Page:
It seems that everywhere I look for resources on Autism one word keeps launching itself from webpages, books and well-meaning mouths: CURE.
Let me make this clear – I am not looking for a cure for my children’s Autism.
Are they getting therapy, yes. Are they getting tests done and making their doctor’s visits and getting all manner of things like hearing and vision checked out? you betcha. But it is not because I am looking to “cure” them of their Autism.
It is because I strive to make them the best people they can be.
Just like I give extra help for my daughter with Dyslexia. Just like I expose my other daughter to reading books that are higher than her grade level. And will be looking into speech therapies for my youngest daughter if her lisp persists. I am trying to give my children the tools to excel. To become the best people they are capable of. They do not need a cure. They need love and guidance individually tailored to their specific needs
By definition, Cure means to remedy that which is at fault
4. Something that corrects or relieves a harmful or disturbing situation. My sons are not disturbed or harmful.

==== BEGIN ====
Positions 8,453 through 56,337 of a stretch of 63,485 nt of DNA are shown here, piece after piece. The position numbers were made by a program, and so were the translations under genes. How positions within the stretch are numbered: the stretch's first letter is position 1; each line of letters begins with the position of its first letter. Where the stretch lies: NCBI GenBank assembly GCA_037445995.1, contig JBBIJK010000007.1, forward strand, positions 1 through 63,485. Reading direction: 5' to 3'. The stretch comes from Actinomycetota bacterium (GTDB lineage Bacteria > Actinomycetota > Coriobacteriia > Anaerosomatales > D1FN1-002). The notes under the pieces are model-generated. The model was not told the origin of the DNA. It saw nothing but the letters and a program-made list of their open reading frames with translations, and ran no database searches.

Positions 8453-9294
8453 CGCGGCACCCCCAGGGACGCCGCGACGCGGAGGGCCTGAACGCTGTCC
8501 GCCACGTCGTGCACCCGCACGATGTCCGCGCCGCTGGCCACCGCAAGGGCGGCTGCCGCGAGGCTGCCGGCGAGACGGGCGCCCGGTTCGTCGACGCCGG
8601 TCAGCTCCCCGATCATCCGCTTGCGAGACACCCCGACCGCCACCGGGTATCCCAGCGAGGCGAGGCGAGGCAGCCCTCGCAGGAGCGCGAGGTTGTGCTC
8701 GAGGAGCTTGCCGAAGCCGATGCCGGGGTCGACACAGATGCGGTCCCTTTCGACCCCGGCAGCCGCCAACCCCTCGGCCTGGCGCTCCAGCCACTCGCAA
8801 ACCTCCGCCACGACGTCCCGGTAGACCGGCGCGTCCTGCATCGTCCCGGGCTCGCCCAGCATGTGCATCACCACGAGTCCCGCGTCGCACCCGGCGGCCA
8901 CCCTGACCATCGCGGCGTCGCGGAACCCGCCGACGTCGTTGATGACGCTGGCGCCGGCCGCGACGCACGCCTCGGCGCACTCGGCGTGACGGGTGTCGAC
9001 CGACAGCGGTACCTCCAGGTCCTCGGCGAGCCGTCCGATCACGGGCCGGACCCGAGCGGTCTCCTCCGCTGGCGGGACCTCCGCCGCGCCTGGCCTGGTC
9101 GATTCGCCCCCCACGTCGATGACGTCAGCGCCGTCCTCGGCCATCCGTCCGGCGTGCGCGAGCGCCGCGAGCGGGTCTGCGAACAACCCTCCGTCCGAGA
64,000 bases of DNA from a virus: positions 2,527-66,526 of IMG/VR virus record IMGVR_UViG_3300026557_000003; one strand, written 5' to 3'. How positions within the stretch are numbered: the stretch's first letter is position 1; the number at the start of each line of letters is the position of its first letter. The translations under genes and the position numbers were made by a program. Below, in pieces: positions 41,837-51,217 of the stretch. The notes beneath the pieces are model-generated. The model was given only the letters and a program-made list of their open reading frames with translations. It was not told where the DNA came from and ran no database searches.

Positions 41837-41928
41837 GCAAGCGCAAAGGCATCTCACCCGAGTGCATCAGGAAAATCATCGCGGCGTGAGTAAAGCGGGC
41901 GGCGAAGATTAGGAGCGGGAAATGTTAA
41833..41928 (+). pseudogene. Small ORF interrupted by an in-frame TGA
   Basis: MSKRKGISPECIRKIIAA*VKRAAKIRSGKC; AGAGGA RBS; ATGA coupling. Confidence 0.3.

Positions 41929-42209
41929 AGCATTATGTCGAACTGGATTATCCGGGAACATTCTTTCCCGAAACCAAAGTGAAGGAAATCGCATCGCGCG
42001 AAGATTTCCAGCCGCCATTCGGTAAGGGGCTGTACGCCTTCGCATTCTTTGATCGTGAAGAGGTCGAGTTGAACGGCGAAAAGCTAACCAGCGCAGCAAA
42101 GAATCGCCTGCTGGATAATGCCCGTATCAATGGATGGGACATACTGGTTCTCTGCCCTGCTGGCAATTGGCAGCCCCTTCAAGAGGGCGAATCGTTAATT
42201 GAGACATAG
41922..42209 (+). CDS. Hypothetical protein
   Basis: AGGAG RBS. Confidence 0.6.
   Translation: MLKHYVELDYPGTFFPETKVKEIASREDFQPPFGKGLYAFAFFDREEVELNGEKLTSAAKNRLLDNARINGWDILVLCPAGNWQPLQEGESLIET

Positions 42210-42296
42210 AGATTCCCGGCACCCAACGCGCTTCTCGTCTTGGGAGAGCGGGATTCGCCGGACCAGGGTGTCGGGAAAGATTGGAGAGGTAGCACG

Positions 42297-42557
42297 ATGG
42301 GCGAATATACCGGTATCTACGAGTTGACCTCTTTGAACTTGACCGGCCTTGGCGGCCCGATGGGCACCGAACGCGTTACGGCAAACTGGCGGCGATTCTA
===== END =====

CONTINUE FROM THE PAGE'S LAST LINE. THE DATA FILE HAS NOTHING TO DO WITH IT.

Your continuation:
Are we talking semantics, yeah, a bit but the fact of the matter is that even if my sons both develop into what social outlets describe as “normal”, they will still have Autism. They have just learned how to move through life closer to your acceptance level.
I get really annoyed when my sons display “Autistic behavior” and people want to make them stop. Especially when it’s not being harmful in any way other than to another individuals comfort. Because, let’s be really honest here, you don’t want to cure my sons, you want them to blend it, be “normal”, not interrupt you in public or make you uncomfortable in any way. YOU want to CURE my sons because you are not interested in acceptance. Or compassion. Or love.
You look at my son with disgust and contempt and put on a shining mask of caring that you hide behind as you search for your “cures” to stop your own selves from growing into true compassionate beings.
Will I stop helping my sons to be the best people they can be? No. But I also won’t force them to conform when there is no need other than to satisfy someone else.